Kingmaker – the man who made Elvis rock ‘n’ roll royaltyFebruary 1, 2015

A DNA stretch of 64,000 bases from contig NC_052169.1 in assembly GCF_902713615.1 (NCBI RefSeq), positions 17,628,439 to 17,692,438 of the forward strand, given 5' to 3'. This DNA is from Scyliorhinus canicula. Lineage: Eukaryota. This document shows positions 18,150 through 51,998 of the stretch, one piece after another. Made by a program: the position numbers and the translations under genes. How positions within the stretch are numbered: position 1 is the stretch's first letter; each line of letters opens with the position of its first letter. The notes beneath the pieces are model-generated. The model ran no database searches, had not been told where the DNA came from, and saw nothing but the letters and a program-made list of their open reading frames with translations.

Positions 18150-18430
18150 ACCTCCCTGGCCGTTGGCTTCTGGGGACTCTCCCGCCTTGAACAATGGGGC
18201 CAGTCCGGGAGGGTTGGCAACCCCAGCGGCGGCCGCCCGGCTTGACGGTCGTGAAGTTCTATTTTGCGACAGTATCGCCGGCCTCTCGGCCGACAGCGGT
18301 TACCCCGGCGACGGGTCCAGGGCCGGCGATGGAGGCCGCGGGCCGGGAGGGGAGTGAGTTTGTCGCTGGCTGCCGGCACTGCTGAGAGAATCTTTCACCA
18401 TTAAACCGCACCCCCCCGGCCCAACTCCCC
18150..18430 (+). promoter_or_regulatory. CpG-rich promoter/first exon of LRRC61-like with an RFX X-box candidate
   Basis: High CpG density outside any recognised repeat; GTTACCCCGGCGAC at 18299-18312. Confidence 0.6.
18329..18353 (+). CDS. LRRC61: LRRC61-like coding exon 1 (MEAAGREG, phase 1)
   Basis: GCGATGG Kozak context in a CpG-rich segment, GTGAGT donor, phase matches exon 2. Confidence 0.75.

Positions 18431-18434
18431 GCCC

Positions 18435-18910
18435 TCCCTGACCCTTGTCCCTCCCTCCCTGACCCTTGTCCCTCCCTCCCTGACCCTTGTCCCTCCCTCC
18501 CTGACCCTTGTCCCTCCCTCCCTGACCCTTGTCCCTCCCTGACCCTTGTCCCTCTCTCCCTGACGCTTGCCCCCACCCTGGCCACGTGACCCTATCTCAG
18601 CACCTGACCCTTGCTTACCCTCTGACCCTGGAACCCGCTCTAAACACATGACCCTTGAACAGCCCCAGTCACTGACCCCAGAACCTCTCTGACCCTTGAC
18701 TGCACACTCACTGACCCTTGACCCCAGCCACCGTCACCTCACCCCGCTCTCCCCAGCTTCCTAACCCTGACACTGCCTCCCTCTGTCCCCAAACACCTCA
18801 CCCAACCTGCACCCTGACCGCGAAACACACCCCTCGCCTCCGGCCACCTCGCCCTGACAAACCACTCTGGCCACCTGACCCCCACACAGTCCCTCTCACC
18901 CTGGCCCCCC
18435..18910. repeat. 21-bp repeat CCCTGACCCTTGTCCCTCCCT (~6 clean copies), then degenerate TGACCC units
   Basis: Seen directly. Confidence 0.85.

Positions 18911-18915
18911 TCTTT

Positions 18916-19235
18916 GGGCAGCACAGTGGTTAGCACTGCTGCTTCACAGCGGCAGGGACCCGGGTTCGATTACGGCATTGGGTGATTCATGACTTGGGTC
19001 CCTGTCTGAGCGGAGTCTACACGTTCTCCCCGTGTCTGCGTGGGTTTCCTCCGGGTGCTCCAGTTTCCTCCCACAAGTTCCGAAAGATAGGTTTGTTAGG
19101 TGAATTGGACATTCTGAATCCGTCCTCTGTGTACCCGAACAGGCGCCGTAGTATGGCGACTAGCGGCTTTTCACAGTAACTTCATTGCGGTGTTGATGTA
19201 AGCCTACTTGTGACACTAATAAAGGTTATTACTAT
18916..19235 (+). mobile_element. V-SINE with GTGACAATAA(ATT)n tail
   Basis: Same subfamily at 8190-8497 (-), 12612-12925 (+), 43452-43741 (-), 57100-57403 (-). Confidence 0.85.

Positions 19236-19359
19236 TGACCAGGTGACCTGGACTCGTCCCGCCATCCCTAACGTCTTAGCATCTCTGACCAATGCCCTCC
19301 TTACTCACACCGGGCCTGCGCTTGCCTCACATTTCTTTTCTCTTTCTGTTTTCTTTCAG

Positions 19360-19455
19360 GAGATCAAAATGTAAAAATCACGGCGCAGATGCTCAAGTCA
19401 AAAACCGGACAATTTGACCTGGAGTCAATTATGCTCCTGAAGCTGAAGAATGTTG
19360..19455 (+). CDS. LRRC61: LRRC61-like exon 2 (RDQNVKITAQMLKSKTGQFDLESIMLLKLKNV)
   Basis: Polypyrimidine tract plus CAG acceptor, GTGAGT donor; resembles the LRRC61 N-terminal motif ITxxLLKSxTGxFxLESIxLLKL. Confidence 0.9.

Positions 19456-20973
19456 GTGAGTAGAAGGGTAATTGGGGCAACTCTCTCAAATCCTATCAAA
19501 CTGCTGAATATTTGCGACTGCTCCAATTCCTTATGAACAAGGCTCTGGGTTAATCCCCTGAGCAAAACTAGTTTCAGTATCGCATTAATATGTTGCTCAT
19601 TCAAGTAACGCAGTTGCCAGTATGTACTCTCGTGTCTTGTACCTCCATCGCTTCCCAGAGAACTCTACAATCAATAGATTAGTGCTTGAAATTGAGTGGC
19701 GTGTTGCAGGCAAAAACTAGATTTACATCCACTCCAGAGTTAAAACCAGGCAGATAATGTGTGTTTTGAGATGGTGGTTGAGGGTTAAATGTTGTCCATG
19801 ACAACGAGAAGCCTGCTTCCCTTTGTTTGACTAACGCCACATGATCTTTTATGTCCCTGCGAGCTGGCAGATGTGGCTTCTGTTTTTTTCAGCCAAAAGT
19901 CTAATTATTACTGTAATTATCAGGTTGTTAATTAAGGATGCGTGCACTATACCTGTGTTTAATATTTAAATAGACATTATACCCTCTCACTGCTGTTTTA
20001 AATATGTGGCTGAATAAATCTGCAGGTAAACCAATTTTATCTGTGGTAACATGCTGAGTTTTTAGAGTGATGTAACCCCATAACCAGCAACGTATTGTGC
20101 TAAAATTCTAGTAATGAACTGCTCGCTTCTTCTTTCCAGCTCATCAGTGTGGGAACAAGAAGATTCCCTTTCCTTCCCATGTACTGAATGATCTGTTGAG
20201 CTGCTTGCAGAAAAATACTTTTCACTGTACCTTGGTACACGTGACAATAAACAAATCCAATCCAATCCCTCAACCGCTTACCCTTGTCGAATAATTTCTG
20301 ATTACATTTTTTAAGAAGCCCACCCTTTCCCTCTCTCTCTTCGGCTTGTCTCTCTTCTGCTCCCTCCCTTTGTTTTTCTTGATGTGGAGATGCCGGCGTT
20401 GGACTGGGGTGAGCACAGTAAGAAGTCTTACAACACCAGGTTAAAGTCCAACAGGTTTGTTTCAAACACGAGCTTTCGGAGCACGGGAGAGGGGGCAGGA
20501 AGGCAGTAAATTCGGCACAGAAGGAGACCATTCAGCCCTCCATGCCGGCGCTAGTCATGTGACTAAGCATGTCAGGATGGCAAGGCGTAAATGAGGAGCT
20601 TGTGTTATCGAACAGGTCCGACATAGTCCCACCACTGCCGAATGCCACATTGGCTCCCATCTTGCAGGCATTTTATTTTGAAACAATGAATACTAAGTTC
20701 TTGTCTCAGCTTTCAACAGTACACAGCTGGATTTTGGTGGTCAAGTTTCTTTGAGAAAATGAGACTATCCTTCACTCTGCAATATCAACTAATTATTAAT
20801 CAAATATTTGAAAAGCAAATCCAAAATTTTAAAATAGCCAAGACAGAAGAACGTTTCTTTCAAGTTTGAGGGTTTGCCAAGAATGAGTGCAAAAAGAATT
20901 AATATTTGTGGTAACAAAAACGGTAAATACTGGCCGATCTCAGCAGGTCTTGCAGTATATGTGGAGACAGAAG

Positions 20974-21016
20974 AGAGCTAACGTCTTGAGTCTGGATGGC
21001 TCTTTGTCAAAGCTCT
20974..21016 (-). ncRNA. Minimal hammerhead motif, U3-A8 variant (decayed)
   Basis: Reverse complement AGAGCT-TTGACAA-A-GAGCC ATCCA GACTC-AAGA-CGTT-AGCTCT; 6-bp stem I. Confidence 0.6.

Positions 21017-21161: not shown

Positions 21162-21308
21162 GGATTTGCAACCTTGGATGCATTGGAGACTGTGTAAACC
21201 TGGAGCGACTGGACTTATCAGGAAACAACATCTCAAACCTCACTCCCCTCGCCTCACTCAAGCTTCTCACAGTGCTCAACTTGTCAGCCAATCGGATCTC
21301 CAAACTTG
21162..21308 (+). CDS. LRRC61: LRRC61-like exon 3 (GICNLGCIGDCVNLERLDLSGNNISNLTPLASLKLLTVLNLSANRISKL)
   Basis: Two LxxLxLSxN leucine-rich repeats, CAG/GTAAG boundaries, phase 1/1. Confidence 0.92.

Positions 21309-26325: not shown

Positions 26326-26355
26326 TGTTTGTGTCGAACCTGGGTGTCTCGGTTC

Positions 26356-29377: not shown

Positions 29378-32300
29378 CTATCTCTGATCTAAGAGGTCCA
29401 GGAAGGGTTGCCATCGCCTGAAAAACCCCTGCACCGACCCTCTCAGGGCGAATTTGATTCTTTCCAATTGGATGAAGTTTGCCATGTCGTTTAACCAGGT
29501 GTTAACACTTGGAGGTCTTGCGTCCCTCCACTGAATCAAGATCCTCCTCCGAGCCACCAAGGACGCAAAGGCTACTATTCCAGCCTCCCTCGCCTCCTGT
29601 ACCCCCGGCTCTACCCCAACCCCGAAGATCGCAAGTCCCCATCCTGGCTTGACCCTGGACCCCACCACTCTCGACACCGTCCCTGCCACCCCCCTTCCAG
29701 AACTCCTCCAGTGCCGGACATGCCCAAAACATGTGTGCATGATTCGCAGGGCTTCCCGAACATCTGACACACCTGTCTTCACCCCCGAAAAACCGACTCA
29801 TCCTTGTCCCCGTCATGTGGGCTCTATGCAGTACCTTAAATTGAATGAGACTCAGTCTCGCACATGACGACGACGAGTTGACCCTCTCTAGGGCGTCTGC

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At that time, Elvis Presley was just 21 years old and in the early stages of his career. He had signed to Sun Records, based in Memphis, Tennessee, in 1954, and had already built up a small fanbase by the time he moved to RCA in November 1955. Wertheimer was about to meet him two months after his first RCA single, Heartbreak Hotel, had been a massive number-one hit, and just over a week before the release of his self-titled debut album – an artist on the brink of superstardom. But turning up for that first meeting, Wertheimer could not have imagined anyone more relaxed and laid back. “It was St Patrick’s Day, March 17, and someone met me at the stage door,” he says. “They led me past the other musicians and into a back room, where I see a young man of about 21 and a middle-aged man. The lady who met me walked up to the younger man and said, ‘Elvis, I’d like you to meet Alfred Wertheimer. He’ll be taking some pictures, is that OK with you?’ And he didn’t even look up, he had one foot up on the table, I could see his Argyle socks reflecting in the mirror, and he said it was fine. I then realised the other guy was a jewellery salesman, who had delivered a ring to Elvis, and he was distracted by it. I took out my cameras, and that was my first real job.” It wasn’t long after the salesman left that Elvis took to the stage for his performance. As he launched into two of his songs, Wertheimer got a glimpse of the star power that would soon see the rest of the world transfixed. “He got quite a reaction from the young ladies,” he recalls. “They were so loud, you could barely hear the songs. And something he did that was different, he made them cry. Yes, you can make the girls scream, jump up and down, but crying is a very deep emotion, and anyone who can do that is a very powerful entertainer.” It was something that Wertheimer would see more of, as the young photographer was asked to meet Elvis again a few months later – during the recording sessions of Don’t Be Cruel and Hound Dog, and on tour, playing other venues around the States. A collection of the images from this time can now be viewed in Wertheimer’s book, Elvis and the Birth or Rock and Roll, published by Taschen. He describes the photography style as ‘fly on the wall’, where he would try his best not to draw attention, not even using a flash and often shooting with his camera at chest height, so that his subjects did not realise he was taking pictures. This intent on being an observer meant he never really became close to Elvis, despite the two spending a lot of time together. “I didn’t want to become his buddy,” he confirms. “You need to keep your objectivity, so I backed off a little. I remember one time he asked my advice, we were in a clothes store and he held up a shirt and said, ‘Al, what do you think?’ I just said to him, ‘Do you see the way I’m dressed? Do you really want to ask me for fashion advice?’” But while Elvis’s popularity was growing, Wertheimer reveals that his record label still needed convincing during those early days. “RCA weren’t so confident that he would become as well known as he did,” he says. “They said to me, ‘Al, don’t shoot colour because we’re not going to pay for it. Right now, he’s doing OK, but we’ve seen this before, so you never know, and we don’t have the budget for colour.’ I still shot some colour though, as my incentive was the freelancing, and I could try to sell those for magazine covers.” If proof of Elvis’s popularity were needed, however, it came in the amount of fan mail he was receiving – which seemed to prompt an unexpected reaction. “In his hotel, Elvis dropped himself on the couch and opened a manila envelope,” Wertheimer reveals. “And there were perhaps 100 fan letters. He started reading some, and when he finished, even if they were six or seven pages long, he would tear them up. I asked him why, and he said, ‘Well, I’ve been carrying these with me, and since it’s my mail I don’t want anyone else to read them. I’d rather destroy them than leave them lying around.” And I was like, how can you destroy your fan mail?” It may have seemed odd, but over time it became something Wertheimer called ‘Elvis logic’ – things that made sense only to him. Wertheimer recalls an example of this in an interview, when Elvis was asked about his constant gyrating on stage. “Don’t you think you’re being rude, thrusting your hips?” the interviewer said. But Elvis replied, “No, that’s the way I sing, I sing with my whole body.” But whatever the situation, Wertheimer always found Elvis a joy to photograph. “He wouldn’t flinch when a photographer got close, and I mean close, just a few feet away,” he says. “A lot of people get nervous, but he was totally oblivious.” [caption id="attachment_14003" align="alignnone" width="780"] The man behind the lens: Alfred Wertheimer poses in front of his famous Elvis photographs.[/caption] After the events of 1956, however, the two would only meet one more time, on September 22, 1958, when Elvis had joined the army and was preparing to sail to Germany. “His mother had died the year before, his sideburns had gone, and that bushy hair had been replaced with a crew cut,” Wertheimer reveals. Yet while they would not cross paths again, Wertheimer had accumulated more than 3,000 photos of Elvis, with work that defined his career. “I’m still trying to show that I’ve shot other people,” he admits. “Time magazine just did a story with photos I took of Nina Simone, but Elvis let me have access. Things got tighter as he got bigger and moved to Hollywood, so it was a special time.” And just as he remembers the date that started it all, Wertheimer remembers another only too well – August 17, 1977. “For 19 years, I never got a single phone call from anyone wanting a photo of him,” he says. “From the day he died, it hasn’t stopped.” But Elvis was always an admirer of photography, and would surely not object to living on in Wertheimer’s work. “When we were in that clothes shop, by the dressing room, the owner had seven or eight framed photographs of performers he had been given,” Wertheimer recalls. “Elvis stopped and looked at them, almost as if to say, ‘One day, I’ll have my photo on this wall.’” Details: Alfred Wertheimer: Elvis and the Birth of Rock and Roll is published by Taschen, AED 2,500, limited to 1,956 copies. See taschen.com. Images: © Alfred Wertheimer.